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Puget Sounds killer whales need continued protection | Editorial
The killer whales that grace our waters are besieged by so much.
Their increasingly noisy underwater world makes it tricky for them to locate food, as they depend on their acute hearing to locate prey and one another. Overfishing has led to declines in their prey, and some of the animals are said to be starving. Boaters, in violation of the Marine Mammal Protection Act, often get far too close to the whales, a form of harassment.
Now, the Pacific Legal Foundation, a Sacramento-based libertarian group that has created a $25 million business for itself fighting endangered species listings, has added what could be the last straw for this highly imperiled species. It has filed a petition seeking an end to the federally protected status of Puget Sound’s orcas.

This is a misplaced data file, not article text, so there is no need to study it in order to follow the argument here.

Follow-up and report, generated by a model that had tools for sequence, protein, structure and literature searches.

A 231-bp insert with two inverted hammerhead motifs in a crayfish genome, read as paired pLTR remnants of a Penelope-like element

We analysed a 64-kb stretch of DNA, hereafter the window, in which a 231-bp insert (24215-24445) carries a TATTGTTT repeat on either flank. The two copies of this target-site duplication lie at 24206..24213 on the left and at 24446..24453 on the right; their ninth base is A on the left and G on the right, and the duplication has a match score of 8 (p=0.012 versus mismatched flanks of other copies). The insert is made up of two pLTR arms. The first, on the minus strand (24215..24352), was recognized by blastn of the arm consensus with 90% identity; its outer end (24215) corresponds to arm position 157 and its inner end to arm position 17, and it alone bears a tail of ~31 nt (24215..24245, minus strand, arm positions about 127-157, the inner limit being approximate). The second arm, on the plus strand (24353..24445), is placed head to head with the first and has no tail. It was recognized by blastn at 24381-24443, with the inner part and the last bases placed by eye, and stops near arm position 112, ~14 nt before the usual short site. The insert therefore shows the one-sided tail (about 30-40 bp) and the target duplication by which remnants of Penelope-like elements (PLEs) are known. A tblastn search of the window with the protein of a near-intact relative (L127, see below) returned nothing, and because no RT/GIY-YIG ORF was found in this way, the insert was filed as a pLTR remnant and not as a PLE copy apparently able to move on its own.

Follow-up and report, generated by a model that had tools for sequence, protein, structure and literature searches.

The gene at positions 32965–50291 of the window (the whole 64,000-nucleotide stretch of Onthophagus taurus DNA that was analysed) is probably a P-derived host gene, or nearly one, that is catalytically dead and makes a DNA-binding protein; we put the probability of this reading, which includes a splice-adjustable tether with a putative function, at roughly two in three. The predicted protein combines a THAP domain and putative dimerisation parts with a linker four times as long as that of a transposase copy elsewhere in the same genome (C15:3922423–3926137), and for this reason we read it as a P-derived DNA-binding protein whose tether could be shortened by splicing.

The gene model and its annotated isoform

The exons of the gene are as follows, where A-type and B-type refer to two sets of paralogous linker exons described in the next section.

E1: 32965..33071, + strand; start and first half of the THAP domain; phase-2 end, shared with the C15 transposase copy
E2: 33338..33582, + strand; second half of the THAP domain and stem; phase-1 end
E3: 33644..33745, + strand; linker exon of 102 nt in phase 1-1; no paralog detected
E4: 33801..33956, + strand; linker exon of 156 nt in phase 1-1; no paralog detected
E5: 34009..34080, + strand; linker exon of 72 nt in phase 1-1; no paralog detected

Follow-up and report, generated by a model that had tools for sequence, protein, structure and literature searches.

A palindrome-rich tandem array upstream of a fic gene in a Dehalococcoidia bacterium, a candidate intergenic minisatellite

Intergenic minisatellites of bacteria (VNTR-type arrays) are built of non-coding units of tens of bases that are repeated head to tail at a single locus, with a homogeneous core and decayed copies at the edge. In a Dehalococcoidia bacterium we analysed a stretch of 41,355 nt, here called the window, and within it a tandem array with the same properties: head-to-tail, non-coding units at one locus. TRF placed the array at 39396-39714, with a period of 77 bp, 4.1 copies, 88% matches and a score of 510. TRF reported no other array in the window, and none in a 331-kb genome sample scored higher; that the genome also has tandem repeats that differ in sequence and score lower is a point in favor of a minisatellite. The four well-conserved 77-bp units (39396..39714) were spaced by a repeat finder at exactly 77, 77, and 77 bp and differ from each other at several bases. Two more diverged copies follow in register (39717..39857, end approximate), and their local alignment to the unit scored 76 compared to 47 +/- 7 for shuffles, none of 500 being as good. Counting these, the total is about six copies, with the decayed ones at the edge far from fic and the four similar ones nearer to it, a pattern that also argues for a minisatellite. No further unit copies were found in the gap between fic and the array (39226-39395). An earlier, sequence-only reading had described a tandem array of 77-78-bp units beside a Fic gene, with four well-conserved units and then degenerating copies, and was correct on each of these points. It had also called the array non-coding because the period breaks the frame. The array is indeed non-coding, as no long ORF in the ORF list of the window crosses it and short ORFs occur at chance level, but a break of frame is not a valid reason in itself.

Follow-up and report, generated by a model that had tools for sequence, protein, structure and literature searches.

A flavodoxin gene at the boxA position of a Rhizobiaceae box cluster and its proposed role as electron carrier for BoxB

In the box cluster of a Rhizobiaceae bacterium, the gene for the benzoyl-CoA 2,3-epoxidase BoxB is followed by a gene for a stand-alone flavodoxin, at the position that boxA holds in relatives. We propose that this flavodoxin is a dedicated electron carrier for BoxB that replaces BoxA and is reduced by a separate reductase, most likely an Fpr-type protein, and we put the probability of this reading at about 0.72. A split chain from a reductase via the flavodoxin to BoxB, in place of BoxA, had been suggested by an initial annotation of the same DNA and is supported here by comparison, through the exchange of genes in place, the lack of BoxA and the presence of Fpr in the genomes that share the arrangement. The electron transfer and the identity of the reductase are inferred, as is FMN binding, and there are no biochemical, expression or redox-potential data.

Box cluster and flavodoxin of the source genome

There are some 50,000 orcas, the foundation argues. Why protect a handful that migrates up and down the West Coast?
Here’s why, according to local whale advocate and scientists: There are only 86 southern resident orcas — pods J, K and L — left. And contrary to this organization’s contention, scientists say these animals are a distinct subspecies, with distinct patterns of behavior.
Pacific Legal Foundation’s suit is motivated by short-term financial gain, not the health and welfare of these mighty but imperiled creatures. Let’s hope science and law prevail and their protection remains in place. And let’s continue to celebrate their presence, a majestic sight right off the shores of Vashon Island.